Professor Giulia Facchin's class, Archaeology & Classics 203: Global Heritage, is studying heritage and conflict, using Ukraine as a case study. Each student in the class has contributed a snapshot of a particular heritage site.
This message from the class "In this tragic moment, the Global Heritage Course (ARC 203) would like to share with the AUR community the seven UNESCO World Heritage sites that are located in Ukraine, and which represent its people and territories. Stop war. Build peace."
Kyev: Saint-Sophia Cathedral
Ukrainian cultural history believes that Saint-Sophia Cathedral is the original Greek-Orthodox Cathedral built by the first Prince of Ukraine, Yaroslav the Wise, to rival the Hagia Sophia in Istanbul, Turkey. A separation of Christian values divided the Church into Catholicism and Greek Orthodox beliefs, resulting in a multi-religious significance. Located in the historic center of the Ukrainian capital of Kyiv, the UNESCO Heritage Site is an epicenter of “cultural interactions between the Kyivan Rus’ (the loose federation that was created between the 9th and 13th centuries), Byzantine Empire, and Western Europe” (UNESCO).
Kyiv is the symbol of the Orthodox religion.
The blue star on the map.
Lviv Historic Center
The area comprising modern Lviv, situated in western Ukraine has been populated since at least the early 6th century C.E. After a tumultuous early period for the region, the modern city was founded in 1256 and continued growing becoming one of the most important economic, political, and religious cities in all of Eastern Europe. Its admission into UNESCO’s list of world heritage sites comes from several incredibly well-preserved medieval structures demonstrating the unique fusion of architectural styles from Eastern Europe, as well as Italy and Germany, that combined in Lviv as it grew into a trade hub. The historical center is also home to several monasteries and residences that remain excellent examples of Baroque architecture.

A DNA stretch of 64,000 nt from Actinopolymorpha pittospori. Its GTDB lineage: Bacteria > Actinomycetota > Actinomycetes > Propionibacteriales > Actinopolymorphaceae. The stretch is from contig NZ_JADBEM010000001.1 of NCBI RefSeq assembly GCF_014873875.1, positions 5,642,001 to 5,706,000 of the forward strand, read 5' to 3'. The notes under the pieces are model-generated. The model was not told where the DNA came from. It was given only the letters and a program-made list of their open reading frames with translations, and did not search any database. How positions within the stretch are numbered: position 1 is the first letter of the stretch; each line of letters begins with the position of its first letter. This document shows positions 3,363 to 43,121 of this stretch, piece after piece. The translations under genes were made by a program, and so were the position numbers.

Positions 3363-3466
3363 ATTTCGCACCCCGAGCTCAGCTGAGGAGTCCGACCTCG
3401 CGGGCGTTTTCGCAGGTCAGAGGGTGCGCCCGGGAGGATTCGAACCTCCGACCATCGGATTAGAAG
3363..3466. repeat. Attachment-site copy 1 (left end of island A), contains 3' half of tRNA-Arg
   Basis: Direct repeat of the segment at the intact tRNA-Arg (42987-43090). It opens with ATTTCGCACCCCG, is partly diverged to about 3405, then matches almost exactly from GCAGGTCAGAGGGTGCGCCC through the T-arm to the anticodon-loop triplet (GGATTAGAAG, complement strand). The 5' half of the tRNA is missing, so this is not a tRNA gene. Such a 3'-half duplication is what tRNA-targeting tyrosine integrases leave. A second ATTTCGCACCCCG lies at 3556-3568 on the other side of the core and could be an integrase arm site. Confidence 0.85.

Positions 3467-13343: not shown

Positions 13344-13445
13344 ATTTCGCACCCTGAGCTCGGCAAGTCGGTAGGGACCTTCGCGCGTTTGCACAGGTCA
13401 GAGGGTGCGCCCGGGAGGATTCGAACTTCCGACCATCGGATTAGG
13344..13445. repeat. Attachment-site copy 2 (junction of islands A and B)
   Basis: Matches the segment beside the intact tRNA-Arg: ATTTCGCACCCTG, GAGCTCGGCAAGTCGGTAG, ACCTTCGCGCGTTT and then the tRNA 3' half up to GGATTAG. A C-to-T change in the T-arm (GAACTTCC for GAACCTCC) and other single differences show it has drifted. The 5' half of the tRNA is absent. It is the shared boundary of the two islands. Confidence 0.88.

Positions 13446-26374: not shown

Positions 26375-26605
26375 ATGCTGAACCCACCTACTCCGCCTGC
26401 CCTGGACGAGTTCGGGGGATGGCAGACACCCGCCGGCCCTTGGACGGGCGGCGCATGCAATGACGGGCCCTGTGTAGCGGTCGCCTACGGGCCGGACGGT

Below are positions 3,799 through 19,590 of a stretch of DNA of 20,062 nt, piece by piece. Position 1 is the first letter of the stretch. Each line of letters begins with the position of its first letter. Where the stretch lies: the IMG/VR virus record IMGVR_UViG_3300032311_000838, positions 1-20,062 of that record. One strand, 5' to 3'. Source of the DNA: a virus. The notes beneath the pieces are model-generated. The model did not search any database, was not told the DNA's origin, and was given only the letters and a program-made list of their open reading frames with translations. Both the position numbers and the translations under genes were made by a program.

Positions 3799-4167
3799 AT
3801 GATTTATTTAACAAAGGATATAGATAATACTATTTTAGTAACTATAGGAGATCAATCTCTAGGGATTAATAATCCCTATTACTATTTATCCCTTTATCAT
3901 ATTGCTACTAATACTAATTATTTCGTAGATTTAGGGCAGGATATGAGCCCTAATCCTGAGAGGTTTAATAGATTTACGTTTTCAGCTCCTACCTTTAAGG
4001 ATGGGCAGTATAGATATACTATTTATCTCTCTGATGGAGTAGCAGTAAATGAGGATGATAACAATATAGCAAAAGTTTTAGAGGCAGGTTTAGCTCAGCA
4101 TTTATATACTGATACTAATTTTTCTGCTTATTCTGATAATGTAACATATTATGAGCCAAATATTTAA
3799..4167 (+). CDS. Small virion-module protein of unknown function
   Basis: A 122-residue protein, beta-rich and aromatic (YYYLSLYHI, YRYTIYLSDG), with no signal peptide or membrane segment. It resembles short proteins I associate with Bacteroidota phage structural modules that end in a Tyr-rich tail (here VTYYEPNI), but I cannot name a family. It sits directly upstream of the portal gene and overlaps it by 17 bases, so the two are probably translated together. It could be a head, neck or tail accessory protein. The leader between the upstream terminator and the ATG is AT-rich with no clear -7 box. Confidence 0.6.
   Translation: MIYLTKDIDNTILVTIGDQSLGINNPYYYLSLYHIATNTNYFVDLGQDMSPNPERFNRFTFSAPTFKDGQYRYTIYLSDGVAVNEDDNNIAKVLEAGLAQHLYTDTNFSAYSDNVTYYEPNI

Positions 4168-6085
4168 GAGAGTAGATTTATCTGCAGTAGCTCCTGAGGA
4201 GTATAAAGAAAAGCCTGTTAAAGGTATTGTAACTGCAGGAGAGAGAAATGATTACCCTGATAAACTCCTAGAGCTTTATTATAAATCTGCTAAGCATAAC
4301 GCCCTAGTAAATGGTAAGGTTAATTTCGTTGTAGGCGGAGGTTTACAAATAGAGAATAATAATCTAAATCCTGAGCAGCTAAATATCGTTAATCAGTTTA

The purple star on the map.
Struve Geodetic Arc
The Struve Geodetic Arc was built by Friederich Georg Wilhelm Struve between 1816 and 1855. It consisted of a series of 258 pillars displaced along one of the Earth meridians, from Norway, through Finland, Russia, Estonia, Latvia, Lithuania, Belarus, Moldova, to Ukraine, for a distance of 2,820km. It served to measure the land, where the pillars worked as a chain of triangulation along the meridian to accurately measure the size of the world, covering over 1,750 miles, throughout 10 different countries. It was the first technical and scientific object to be inscribed on the UNESCO World Heritage List as a universal example of “great technological innovation in world measurements” achieved by “bridging collaboration between scientists of different countries” (UNESCO).
Three of these pillars are not in imminent danger, due to the fact that they are more concentrated in the center of Ukraine. The fourth one is closer to the Black Sea, currently under Russian naval control.
The orange star on the map.
Ancient and Primeval Beech Forests of the Carpathians and Other Regions of Europe